One way to do this is through managers having conversations with their staff, asking questions such as “What knowledge do you want to develop over the next 6 months?” and “What do you enjoy and not enjoy here?”, as well as providing opportunities for their people to be recognised for what they do.

The business leaders at our roundtable also shared their own tips:

  • Developing value and trust takes time, and they don’t come by chance – they begin with a relationship which starts with talking and being open.
  • Acknowledge where things are, good or bad, and set a cadence of communications on the basis of values and safe places to be heard.
  • It’s important to revisit communications strategies to account for recent events surrounding flexibility, working from home, vaccine status, and differing circumstance. One way to assist in this is to have a schedule of planning meetings that discuss the future of the organisation and prioritise key staff in these.
  • And this gem from one of our leaders: Ask two questions: “Professionally and personally how are you right now?” followed up with, “What can we do to help you, regardless of where you are?”

How to get your pitch ready to sell your business

Our expert on getting pitch ready was Jeff Lim, an industry veteran that’s ridden the roller-coaster to profitable outcome for both buyer and seller, and endured bumps along the way. Jeff is a Principal at Eaton Square, a global M&A and capital service provider.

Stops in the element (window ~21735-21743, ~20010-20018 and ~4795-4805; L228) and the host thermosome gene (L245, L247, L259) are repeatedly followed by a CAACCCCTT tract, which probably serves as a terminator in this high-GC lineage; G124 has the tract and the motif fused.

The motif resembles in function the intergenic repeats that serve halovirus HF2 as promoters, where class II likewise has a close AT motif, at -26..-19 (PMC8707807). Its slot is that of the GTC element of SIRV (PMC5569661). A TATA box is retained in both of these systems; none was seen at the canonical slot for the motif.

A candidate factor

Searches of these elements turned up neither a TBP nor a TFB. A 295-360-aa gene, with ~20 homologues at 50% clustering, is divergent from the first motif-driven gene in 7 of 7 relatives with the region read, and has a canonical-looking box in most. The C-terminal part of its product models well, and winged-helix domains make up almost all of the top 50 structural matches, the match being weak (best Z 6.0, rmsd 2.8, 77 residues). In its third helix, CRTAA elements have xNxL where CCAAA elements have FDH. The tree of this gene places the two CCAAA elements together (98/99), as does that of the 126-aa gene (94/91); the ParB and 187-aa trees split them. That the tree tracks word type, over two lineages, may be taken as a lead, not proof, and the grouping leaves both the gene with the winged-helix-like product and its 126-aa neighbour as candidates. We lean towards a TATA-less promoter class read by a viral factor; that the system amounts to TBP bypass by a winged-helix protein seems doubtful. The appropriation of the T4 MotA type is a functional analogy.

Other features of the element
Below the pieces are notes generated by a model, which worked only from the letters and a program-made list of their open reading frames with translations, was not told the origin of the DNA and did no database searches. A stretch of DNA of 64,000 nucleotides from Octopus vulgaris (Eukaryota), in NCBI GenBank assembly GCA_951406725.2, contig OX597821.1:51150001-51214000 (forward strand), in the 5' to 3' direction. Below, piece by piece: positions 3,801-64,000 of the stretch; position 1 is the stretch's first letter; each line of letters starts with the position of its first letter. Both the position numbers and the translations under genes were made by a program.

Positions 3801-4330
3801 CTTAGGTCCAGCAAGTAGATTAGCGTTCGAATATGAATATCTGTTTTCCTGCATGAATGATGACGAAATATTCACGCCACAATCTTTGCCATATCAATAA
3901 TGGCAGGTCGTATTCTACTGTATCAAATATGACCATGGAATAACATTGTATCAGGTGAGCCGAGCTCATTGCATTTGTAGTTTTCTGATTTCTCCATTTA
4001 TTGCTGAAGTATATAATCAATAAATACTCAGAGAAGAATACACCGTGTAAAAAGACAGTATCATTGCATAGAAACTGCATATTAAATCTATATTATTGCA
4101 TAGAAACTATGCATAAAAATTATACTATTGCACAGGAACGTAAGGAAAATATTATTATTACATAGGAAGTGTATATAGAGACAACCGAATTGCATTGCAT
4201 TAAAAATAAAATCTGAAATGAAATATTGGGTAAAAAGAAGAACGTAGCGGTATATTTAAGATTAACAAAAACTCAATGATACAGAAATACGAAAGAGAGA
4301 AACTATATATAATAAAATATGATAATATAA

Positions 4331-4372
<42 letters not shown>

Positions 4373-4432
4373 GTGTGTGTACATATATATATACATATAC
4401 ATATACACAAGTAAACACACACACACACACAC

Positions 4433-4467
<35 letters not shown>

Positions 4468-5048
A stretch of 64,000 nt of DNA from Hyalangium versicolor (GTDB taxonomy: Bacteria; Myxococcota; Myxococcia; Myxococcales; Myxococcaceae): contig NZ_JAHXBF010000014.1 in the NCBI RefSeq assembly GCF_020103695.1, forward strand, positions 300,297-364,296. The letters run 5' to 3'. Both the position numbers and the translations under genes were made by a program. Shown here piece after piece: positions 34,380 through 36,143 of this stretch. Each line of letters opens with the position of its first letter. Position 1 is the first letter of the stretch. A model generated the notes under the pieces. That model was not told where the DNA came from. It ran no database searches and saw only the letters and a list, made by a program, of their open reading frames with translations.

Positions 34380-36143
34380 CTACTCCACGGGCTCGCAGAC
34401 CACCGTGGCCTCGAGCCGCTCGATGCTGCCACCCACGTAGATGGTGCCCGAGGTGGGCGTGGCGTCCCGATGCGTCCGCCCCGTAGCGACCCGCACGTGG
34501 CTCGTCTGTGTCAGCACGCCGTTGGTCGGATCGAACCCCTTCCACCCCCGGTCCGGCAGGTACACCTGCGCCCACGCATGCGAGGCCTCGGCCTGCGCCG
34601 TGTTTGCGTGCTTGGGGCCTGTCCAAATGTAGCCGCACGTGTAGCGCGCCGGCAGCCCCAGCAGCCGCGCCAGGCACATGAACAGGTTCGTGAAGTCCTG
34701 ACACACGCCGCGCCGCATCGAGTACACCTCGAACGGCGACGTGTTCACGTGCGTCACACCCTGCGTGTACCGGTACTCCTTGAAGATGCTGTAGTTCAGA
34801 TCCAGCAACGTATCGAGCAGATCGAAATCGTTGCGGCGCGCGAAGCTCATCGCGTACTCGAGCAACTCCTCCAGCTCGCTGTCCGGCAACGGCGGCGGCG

Jeff spoke about the importance of honing in on understanding what you’re selling. Everyone should be able to describe the DNA of their business, but the key issue is that in an exit transaction it’s very rare that someone wants to buy the DNA. They’re looking for how that DNA expresses itself in just one part of the business and represents what it is that you do – it’s a clear distinction and hard to get right in being pitch ready.

Describing the two sides of where each organisation is in its development and growth stage, Jeff likened it to the two sides of the brain:

Left brain

Every business lives on a continuum – from the business being dependent on the superheroes that are driving it, to enterprises that have structures that help the business run effectively without these superheroes – and exit transactions happen at all points of this continuum. It’s important to understand where on this continuum you are and know what evidence you have that proves what you’re saying is true.